Jamie and I looked at various map artists, all the while arguing that we really wanted Russ for the job. These two must have been our favourites. I can't remember who the editors hired in the end -- neither of these guys, by the looks of it. And then they printed the west and east sides of the world the wrong way round in Over the Blood-Dark Sea. Stab me vitals.

By the time The Court of Hidden Faces came out we finally had Russ drawing the world map as we'd intended all along. But, as Frost said about ice, these other contenders were also great and would have sufficed.

And yet -- what's niggling at me is the stadium at bottom left in the second map. Tékumel gamers like me are bound to look at that and think: Hirilákte. Surely it couldn't be...

Does anybody recognize these or the artists who drew them?

Friday 10 December 2021

Well-kept secrets

I’ve never seen the point of fashion. If a work of art is good it will stay good, regardless of whether or not it’s regarded as the in thing and everybody is talking about it.

Literature, for example. You’ll find a book that reviewers praise to the skies, and publishers adore. But give it ten years and they’re gawping at the next shiny bauble. You know the movie stars’ saying:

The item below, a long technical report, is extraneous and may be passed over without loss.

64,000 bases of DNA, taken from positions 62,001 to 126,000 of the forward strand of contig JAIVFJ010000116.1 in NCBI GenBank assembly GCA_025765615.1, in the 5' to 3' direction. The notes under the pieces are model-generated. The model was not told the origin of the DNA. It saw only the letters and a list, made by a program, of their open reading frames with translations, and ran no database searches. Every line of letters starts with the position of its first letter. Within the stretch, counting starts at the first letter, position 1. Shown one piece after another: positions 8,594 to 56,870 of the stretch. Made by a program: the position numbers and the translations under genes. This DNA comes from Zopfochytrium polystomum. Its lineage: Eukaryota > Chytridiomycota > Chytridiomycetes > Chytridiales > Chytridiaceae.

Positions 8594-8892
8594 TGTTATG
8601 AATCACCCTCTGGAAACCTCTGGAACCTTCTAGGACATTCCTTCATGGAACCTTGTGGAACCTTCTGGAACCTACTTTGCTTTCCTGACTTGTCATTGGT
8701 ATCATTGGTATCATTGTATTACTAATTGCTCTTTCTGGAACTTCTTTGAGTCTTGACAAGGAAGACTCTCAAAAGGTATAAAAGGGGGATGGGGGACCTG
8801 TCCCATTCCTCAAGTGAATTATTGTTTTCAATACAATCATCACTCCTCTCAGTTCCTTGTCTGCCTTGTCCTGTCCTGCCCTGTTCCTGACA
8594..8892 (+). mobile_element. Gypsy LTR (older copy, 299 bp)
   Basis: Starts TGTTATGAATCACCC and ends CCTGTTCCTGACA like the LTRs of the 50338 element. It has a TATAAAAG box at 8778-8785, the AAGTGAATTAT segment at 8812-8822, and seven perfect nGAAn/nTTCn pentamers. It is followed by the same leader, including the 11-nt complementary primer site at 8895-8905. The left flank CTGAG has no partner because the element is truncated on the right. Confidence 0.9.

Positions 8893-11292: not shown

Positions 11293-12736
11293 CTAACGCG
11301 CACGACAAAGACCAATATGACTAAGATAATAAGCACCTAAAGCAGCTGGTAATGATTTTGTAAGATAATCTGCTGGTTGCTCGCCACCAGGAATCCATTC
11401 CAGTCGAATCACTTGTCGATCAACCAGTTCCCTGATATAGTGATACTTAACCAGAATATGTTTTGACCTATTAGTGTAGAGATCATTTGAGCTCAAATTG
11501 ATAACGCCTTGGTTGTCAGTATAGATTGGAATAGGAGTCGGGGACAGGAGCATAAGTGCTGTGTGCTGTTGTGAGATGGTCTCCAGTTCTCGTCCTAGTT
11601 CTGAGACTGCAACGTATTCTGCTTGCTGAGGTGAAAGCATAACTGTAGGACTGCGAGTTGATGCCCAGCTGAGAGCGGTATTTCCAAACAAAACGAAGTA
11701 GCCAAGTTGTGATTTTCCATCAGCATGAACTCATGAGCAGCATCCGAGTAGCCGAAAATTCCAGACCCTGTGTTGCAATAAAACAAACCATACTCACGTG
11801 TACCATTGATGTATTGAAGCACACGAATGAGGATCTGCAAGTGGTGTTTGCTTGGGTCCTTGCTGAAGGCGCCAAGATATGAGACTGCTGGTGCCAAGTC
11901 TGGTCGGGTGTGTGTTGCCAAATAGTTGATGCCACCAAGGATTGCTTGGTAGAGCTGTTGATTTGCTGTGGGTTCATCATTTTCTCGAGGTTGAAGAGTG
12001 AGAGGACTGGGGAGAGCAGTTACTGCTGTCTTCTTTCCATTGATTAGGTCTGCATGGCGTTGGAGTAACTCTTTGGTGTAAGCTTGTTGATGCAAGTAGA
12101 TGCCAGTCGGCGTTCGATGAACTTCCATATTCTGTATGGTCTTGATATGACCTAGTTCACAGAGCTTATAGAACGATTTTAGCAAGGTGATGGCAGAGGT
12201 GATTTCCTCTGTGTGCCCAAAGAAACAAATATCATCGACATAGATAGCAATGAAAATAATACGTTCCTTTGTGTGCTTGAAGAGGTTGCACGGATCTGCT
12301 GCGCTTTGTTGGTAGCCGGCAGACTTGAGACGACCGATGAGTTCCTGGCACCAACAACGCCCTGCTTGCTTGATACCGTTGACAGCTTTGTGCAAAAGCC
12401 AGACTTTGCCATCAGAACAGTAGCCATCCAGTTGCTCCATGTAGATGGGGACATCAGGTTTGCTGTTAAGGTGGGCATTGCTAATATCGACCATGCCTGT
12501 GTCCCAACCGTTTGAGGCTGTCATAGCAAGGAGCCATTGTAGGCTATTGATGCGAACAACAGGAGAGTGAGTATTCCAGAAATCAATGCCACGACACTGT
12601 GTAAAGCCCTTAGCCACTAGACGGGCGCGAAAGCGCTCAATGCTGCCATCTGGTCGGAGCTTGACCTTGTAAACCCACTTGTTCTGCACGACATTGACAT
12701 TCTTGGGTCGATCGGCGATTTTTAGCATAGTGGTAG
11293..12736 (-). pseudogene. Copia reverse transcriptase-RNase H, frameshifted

“First it’s: get me So-&-So. Then it’s: get me somebody like So-&-So. Finally it’s: who’s So-&-So?”
It even happened to Fitzgerald:
“In Pickwick Books on Hollywood Boulevard he asked for anything by F. Scott Fitzgerald. The clerk said they had none in stock. Fitzgerald asked whether there was any call for them. ‘Oh, once in a while, but not for some time now,’ he replied. He tried another store – with the same result. The proprietor of a third bookshop asked which titles he was interested in and, promising to track them down, requested a name and address. ‘I’m Mr Fitzgerald,’ he replied. The man was shocked; he had believed that F. Scott Fitzgerald must surely have died years ago along with his era.”